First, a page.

We are always focused. The question of life and athletic performance is, “Are we focused on the right thing at the right time?” This is valuable to consider during exercise. When in the midst of athletic exertion and competition a thought to keep in mind is, “When in doubt, look out.”
Traditionally in the sport and exercise literature, this is known as dissociation. The runner that chooses to check out the changing colors of the leaves as opposed to focusing on muscle tension and breathing is practicing dissociation during exercise. This restricts the processing of internal sensations, likely something that is helpful when the body is significantly stressed.
Distraction from unproductive thoughts and feelings is all well and good, but cognitive science has recently shown even more benefits of an external perspective when getting one’s compete on. Focusing on cues outside of one’s body actually aids motor patterns, in both novices and experts. The swimmer that drives her finger tips towards the wall as opposed to thinking “straighten your arm” has smooth strokes and quicker laps - a subtle change in mental cues leading to big performance benefits. When an exerciser thinks within the body, static seems to be added to the neuromuscular program. Outside thoughts are freeing.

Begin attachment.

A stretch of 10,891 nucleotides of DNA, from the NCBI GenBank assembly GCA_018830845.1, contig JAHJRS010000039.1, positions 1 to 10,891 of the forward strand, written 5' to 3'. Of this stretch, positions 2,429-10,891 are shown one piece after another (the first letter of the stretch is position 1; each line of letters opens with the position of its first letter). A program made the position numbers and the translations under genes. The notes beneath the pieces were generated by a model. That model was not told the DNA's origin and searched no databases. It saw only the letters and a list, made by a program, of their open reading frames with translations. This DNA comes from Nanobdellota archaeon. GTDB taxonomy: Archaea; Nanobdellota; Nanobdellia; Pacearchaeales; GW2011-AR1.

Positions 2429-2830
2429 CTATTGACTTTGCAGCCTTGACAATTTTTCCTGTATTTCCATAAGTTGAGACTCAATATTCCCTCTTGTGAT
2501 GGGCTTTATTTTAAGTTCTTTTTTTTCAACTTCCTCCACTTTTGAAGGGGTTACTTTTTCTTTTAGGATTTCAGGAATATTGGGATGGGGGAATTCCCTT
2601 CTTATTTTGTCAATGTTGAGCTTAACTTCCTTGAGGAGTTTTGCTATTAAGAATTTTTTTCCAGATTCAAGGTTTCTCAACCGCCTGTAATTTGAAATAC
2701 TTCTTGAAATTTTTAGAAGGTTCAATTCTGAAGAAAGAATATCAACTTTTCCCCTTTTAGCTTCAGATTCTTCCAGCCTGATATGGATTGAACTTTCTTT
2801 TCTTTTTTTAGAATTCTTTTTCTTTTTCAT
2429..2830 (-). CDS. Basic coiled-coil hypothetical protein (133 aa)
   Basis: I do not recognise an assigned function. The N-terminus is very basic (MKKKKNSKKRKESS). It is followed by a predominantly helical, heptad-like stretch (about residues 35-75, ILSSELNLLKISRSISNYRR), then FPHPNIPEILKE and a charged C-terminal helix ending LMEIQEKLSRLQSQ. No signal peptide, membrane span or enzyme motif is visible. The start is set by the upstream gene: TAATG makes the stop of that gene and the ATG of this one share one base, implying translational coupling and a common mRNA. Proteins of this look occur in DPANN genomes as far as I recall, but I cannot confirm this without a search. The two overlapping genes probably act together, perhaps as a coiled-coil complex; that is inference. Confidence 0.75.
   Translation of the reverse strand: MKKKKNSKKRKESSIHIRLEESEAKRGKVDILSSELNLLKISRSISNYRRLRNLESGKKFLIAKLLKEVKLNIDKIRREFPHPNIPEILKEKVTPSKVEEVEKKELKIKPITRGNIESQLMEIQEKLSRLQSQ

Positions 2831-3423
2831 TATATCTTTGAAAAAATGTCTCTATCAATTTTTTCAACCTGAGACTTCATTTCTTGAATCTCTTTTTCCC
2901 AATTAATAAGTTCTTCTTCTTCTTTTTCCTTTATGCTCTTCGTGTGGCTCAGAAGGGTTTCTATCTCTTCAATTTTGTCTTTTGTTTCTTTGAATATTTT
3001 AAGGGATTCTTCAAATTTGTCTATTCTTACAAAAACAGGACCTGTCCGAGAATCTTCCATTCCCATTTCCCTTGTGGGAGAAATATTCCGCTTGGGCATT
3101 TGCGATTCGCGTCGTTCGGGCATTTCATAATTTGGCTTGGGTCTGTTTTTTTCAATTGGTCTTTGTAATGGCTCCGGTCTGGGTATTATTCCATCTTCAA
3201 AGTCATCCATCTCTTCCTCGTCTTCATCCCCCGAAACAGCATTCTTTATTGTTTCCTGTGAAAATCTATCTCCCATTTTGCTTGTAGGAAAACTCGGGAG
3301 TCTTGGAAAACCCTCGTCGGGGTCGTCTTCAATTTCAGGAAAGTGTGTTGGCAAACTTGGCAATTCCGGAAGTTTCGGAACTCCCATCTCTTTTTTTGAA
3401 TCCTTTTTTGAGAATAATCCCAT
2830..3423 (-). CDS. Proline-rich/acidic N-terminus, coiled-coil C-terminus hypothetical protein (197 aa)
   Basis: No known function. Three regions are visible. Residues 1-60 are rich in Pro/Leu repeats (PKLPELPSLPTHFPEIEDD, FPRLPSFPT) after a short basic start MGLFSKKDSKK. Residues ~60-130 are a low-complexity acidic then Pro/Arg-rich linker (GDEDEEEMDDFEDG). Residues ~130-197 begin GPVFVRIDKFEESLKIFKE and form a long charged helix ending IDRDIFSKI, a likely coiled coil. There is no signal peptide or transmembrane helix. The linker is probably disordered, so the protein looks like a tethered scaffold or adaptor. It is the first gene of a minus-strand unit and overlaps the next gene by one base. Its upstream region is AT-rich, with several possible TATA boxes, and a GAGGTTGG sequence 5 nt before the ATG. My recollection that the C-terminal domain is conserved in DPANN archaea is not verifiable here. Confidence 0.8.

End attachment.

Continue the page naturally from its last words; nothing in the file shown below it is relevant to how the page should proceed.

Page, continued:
Get out and exercise. Think “out” when exercising.
Dr. Adam Naylor leads Telos Sport Psychology Consulting and is a Clinical Assistant Professor in Boston University’s School of Education. He has a decade and a half of experiences working with professional through amateur athletes – of note: US Open competitors, NCAA champions, Olympians, Stanley Cup winners, and UFC martial artists. Beyond sports, over the past five years he has served as a corporate performance and wellness consultant. He can be reached at firstname.lastname@example.org. Follow him on Twitter @ahnaylor.